Perhaps it’s the sense of detachment that comes from long hours spent staring at screens, peering into pixels and abstraction. But whatever the reason, when experimenting with design and music, creators seem increasingly drawn to simple, physical interaction. Somewhere in the mysterious play between senses, between seen color and unseen sound, they look for intuitive relationships.
Designers Hideaki Matsui and Momo Miyazaki send in the latest adventure in induced synesthesia. Students at the Copenhagen Institute of Interaction Design, they use a camera to connect color to sound.
Audible color is an audio-visual instrument. Sound is generated based on color detected by a web cam connected to a computer. Red, green and blue correspond with certain music notes. When the colors are mixed, the resulting secondary colors produce different notes. The size of the colors influences the volume and frequency of the notes played. Color detection and sound generation were created and are controlled using Processing code.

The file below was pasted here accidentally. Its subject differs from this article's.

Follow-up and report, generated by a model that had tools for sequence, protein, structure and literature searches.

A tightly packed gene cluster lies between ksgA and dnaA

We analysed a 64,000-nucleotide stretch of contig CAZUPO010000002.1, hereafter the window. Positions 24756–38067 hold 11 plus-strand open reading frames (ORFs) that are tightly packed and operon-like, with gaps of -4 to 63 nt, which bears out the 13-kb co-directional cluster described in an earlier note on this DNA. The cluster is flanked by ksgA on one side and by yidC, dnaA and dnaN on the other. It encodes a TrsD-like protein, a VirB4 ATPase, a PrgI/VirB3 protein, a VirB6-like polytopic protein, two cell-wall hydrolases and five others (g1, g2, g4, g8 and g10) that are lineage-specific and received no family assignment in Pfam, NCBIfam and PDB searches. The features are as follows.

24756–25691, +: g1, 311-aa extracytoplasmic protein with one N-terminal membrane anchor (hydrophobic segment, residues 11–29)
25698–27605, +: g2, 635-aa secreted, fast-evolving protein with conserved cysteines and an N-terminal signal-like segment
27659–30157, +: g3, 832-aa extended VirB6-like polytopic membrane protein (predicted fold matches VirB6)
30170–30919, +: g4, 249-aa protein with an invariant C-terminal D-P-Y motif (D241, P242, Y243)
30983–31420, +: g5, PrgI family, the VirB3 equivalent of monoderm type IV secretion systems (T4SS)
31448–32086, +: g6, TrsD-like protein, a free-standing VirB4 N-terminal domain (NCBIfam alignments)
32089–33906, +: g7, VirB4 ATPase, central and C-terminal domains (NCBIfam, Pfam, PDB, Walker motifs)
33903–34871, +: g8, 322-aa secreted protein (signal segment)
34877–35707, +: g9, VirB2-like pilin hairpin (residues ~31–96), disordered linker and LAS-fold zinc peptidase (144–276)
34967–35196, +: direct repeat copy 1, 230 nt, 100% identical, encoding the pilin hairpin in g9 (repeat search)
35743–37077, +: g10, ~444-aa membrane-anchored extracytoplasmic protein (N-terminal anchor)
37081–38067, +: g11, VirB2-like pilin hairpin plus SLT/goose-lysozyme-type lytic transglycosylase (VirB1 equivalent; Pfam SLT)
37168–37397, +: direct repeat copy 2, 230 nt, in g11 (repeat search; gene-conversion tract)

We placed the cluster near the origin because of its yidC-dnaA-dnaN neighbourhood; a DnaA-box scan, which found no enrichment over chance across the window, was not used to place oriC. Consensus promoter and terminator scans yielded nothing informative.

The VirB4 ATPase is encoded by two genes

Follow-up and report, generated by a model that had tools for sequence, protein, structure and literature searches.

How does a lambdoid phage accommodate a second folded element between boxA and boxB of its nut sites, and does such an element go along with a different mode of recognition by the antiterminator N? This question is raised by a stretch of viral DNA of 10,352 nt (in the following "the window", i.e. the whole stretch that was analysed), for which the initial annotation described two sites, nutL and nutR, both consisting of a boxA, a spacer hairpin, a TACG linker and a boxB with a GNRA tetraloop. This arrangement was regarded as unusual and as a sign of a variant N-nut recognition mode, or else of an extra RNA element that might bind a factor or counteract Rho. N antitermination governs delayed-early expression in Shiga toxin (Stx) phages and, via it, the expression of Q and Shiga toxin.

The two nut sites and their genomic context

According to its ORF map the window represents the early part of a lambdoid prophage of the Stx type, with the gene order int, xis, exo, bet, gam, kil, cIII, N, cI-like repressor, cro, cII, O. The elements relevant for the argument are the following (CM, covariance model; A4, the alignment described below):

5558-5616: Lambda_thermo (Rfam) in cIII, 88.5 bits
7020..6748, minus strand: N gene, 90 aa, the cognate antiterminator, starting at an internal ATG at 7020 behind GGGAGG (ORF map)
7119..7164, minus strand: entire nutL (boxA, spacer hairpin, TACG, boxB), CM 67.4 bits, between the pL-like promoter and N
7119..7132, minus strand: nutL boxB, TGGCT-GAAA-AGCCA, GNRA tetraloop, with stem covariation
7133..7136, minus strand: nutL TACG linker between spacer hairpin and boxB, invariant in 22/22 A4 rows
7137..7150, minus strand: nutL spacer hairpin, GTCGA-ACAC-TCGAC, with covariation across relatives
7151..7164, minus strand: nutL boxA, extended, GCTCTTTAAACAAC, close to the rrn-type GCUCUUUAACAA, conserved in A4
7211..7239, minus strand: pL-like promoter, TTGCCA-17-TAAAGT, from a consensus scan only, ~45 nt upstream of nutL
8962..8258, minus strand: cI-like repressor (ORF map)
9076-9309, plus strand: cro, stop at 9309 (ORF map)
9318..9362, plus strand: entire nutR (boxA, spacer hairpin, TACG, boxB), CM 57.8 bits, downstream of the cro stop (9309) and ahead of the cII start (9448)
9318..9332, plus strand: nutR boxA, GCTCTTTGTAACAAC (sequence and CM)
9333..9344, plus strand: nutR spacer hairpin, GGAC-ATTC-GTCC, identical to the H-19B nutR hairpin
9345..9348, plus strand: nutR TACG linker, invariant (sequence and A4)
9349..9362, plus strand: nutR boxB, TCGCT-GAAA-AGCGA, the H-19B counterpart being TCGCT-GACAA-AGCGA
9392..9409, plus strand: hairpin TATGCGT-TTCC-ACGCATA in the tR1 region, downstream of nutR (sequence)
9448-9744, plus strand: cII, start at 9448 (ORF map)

The system of audible color is based on a marriage between basic color and music theories. The colors of red, blue, and green are the visual foundation for color-mixing and the music notes A, D, and F are the base triad that corresponds to the colors. The secondary colors (colors made when the foundational three are mixed) of purple, teal and brown are tuned to the musical triad C, E and G. The visual of the mixing of red, blue and/or green mirrors the aural output of combined notes.
The ‘painting’ aspect is not restricted to water droplets from a pipette. Numerous experiments were performed using substances such as acrylic paint, food dye in milk with soap, and ordinary household objects. Each investigation created a new type of fun and easy gestural music-making.